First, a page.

504 F2d 421 United States v. H Kemp

504 F.2d 421

UNITED STATES of America, Plaintiff-Appellee,
v.
Robert H. KEMP, Defendant-Appellant.

No. 74-1102.

United States Court of Appeals, Sixth Circuit.

Argued Dec. 14, 1973.
Decided Oct. 16, 1974.

William E. Scent, Keith, Scent, Kirkman & Walton, Hopkinsville, Ky., Bert T. Combs, Charles R. Simons, Tarrant, Combs, Blackwell & Bullitt, Louisville, Ky., for defendant-appellant.

George J. Long, U.S. Atty., James H. Barr, Louisville, Ky., for plaintiff-appellee.

Before PHILLIPS, Chief Circuit Judge, LIVELY, Circuit Judge, and GRAY,1 District Judge.

PER CURIAM.

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1

The appellant was convicted of violations of 18 U.S.C. 1001. Specifically, he was charged with committing this offense by falsely identifying and selling tobacco on marketing cards issued to other persons for designated farms, knowing that the tobacco was not produced on the farm shown on the card. The indictment contained twelve counts, each alleging a separate, but identical, violation of this statute.

2

Defendant's motion for judgment of acquittal was granted as to counts six through eleven of the indictment, no evidence having been offered by the Government in support of these counts of the indictment. On the remaining counts, the motion for judgment of acquittal was denied, and the jury returned a verdict of guilty on each of these counts, being counts one through five and count twelve. Appellant alleges four errors which he asserts were committed by the Trial Court, and these are the four issues posed for this Court's consideration.

3

$1, 2$ Two of the issues on appeal, those concerning the Trial Court's exclusion of certain evidence proffered by the defendant and the Trial Judge's charge to the jury, are easily and briefly resolved. First, we find that the evidence in question was merely cumulative and that its exclusion by the Court was not an abuse of discretion. Second, we hold that the defendant's contention that the jury charge did not adequately relate the facts of the case to the offense charged is without foundation in the record and that the charge, read as a whole, was legally sufficient. See: United States v. Bryant, 461 F.2d 912 (6th Cir. 1972).

4

Both the third and fourth issues relate to count twelve of the indictment. The principal Government witness with respect to count twelve was a Mr. Windsor, on whose card the sale embraced by that count was made. However, Mr. Windsor's testimony was at variance with the Government's expectations and with statements made previously to Government agents and attorneys. The Government responded to this development by seeking to impeach Windsor's testimony with a statement he had given Government agents. The Trial Court allowed the statement to be read, but did not caution the jury as to the limited purpose for which that statement could be used. When Windsor attempted to explain the statement, the Trial Court told him, in the jury's presence, that he did not believe him.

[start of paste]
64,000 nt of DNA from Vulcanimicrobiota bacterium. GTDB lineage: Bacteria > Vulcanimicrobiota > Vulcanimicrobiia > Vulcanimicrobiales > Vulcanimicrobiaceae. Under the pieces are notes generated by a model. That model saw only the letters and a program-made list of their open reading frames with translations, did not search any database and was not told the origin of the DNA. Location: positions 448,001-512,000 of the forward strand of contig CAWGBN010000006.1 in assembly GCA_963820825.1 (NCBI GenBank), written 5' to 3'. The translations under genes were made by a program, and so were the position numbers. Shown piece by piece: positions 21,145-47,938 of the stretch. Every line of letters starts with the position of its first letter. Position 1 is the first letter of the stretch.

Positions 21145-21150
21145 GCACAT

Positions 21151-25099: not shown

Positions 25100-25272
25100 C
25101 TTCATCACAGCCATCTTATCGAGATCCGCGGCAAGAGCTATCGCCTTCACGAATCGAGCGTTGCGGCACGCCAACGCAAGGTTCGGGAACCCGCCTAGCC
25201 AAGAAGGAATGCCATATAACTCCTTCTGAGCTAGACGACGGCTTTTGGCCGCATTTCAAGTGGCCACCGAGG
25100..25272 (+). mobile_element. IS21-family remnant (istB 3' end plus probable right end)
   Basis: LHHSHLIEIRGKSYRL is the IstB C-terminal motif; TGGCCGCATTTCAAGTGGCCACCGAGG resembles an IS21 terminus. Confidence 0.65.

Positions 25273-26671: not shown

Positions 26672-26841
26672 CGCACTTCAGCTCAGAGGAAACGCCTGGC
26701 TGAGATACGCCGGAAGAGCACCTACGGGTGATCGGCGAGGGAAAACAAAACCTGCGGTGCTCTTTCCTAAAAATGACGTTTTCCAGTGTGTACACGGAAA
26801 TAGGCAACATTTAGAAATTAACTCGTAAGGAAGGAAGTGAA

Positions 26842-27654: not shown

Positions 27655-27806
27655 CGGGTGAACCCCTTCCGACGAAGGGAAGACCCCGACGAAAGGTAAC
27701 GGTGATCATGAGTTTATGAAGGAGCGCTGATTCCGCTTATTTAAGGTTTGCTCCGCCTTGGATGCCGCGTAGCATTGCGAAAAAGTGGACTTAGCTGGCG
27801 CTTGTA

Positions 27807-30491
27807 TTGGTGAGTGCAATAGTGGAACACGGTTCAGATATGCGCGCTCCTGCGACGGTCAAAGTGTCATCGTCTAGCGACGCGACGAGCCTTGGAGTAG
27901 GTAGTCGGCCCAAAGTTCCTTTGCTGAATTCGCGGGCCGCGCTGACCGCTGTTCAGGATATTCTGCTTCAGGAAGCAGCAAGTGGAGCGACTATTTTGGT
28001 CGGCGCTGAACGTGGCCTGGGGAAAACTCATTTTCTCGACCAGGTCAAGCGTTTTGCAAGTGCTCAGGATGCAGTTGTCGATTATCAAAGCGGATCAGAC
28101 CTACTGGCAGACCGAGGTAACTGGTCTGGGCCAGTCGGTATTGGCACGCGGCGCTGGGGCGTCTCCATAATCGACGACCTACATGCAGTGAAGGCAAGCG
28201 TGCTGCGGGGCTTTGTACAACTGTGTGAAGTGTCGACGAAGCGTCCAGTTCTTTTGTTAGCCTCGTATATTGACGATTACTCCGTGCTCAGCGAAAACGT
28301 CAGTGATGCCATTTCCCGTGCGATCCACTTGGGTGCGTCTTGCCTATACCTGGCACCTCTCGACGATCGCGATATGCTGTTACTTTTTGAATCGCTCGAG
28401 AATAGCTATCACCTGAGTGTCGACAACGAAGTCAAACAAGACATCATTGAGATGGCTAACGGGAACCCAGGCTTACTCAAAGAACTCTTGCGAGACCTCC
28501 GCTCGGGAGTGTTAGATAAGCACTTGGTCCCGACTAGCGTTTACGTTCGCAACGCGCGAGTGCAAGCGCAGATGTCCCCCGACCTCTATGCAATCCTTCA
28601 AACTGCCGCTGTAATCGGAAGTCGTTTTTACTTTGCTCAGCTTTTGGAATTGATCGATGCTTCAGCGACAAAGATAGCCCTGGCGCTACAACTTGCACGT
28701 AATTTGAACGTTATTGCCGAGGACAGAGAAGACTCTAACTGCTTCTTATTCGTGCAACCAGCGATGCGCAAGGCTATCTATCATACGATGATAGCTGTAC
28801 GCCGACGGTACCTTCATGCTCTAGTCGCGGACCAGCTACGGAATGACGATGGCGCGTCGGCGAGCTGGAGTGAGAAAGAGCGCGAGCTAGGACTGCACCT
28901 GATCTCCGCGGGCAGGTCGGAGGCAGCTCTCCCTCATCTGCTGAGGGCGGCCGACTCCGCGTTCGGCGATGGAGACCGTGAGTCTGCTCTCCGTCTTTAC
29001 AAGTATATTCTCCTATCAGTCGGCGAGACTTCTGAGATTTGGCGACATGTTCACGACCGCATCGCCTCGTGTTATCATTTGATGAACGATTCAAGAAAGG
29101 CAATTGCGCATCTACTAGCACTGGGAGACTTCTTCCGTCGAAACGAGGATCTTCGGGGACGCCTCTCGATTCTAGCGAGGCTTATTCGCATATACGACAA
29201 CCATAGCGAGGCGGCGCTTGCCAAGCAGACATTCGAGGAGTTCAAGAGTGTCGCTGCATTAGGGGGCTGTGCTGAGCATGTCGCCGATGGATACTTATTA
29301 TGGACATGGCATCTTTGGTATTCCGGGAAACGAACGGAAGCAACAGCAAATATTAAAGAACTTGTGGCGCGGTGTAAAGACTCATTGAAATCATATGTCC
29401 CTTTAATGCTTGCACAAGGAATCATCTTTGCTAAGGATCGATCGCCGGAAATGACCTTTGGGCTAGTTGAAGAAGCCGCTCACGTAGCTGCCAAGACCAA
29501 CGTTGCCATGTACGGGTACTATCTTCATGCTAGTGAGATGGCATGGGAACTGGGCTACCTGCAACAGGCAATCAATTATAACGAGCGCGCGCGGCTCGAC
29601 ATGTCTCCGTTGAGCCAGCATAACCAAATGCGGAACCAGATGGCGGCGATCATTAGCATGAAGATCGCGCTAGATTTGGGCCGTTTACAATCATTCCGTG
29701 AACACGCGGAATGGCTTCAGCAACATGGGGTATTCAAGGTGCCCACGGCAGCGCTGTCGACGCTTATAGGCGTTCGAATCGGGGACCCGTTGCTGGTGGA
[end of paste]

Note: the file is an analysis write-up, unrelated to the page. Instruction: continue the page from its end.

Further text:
5

The defendant contends that the Trial Court committed reversible error by failing to give a cautionary instruction concerning Windsor's statement. We agree and conclude that the conviction under count twelve must be reversed. United States v. Lester, 491 F.2d 680 (6th Cir. 1974). The defendant's fourth issue presents yet another reason for reversal of count twelve, that being the Trial Judge's comment in the jury's presence that he did not believe Windsor. We, of course, find the Court's comment to be highly improper and hold that such conduct can never be condoned.

6

Having concluded that the defendant's conviction under count twelve cannot stand, the Court is nevertheless of the opinion from the record that any impact the reversible errors found supra had on the remaining five counts was, at most, harmless, and because concurrent sentences were imposed on all six counts, a reversal of the convictions under counts one through five is not required. United States v. Romano, 382 U.S. 136, 86 S.Ct. 279, 15 L.Ed.2d 110 (1965). Accordingly, we reverse the conviction under count twelve and affirm the conviction as to counts one through five.

1

The Honorable Frank Gray, Jr., Chief Judge, United States District Court for the Middle District of Tennessee, sitting by designation